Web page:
Our book about Valuable Agile Retrospectives has been published!
How can you become an excellent team that is able to deliver and exceed customer expectations? By continuously becoming better in the things that you are doing great, using a strengths based retrospective. This technique helps teams to improve themselves by focusing on their personal and team strengths. The retrospective technique described in this blog, which uses solution focused, is included in the agile retrospectives pocket book, the book that helps you to get value out of agile retrospectives. We love to hear from you, to make this a great book?
There are lot’s of ways to do retrospectives. Usually the team uses a technique to reflect on the work that they did, does some analysis on what has happened and what caused it, and defines improvement actions for the next sprint. These actions imply that they will change their way of working.
A strength based retrospective, using solution focused, is a different approach. Instead of coming up with a list of actions to start doing new things (of which you might not be capable of doing), your actions result in doing more of the things that you are already doing and which you are good at. The goal is to use the strengths which the professionals already have to solve the problems that they have.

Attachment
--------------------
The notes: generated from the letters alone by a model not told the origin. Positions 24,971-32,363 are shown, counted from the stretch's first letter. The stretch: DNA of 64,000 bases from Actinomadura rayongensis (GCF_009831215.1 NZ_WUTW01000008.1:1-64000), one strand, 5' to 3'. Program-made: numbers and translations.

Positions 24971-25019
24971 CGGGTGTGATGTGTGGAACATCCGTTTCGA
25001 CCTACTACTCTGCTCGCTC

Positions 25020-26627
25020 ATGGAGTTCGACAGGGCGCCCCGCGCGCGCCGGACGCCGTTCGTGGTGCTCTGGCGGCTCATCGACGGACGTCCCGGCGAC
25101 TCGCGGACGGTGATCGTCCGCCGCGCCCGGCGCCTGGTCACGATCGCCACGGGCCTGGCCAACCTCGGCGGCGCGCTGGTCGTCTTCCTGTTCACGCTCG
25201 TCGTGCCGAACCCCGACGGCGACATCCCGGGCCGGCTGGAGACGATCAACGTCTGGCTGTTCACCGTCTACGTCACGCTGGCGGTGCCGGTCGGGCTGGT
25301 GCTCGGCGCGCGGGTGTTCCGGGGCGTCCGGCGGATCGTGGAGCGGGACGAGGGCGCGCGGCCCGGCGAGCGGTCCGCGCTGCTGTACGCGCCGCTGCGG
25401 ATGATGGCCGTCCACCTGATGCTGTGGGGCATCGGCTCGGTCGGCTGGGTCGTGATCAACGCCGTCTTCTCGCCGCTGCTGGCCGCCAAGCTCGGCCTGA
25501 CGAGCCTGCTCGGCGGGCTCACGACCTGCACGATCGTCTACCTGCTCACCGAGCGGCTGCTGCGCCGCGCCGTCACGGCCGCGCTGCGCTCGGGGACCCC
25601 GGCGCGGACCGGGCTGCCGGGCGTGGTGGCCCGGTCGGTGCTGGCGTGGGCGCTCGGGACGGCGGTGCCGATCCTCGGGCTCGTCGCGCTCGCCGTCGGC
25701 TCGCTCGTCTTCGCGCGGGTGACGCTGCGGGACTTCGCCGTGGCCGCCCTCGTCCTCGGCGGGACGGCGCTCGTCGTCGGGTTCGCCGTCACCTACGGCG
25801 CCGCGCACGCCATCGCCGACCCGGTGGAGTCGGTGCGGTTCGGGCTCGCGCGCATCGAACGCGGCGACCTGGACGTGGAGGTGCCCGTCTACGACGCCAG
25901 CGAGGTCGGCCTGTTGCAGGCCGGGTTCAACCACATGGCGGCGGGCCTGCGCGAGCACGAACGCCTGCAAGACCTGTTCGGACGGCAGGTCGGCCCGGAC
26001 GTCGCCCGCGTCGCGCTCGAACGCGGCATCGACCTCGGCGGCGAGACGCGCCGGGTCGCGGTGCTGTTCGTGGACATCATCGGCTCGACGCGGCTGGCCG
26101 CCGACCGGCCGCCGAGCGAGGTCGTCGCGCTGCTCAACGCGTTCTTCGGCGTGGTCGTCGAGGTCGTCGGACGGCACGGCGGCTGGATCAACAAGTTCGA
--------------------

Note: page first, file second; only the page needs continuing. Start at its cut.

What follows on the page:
One of the reasons that agile teams find difficult to improve is that actions that they defined in a retrospective turn out to be hard to do, because it is something new that they do not know how to do. They would like to do it, and see the benefits, but need time and help to learn new skills. It would be so much easier if they would have improvement actions using the knowledge and skills that they already poses. A strengths based retrospective helps them to find such actions.
Solution focused is a therapy which does not focus on the past, but instead, focuses on the present and future. It examines “what works” in a given situation, and uses that the address existing problems. It is positive way of improvement, exploring possibilities and revealing strengths that people and teams maybe are not aware of.
Steps in a strength based retrospective
A strength based retrospective consists of 2 steps: Discovering strengths and defining actions which use them. Both steps consist of questions that team members ask themselves (more on this in Which Questions do you Ask in Retrospectives).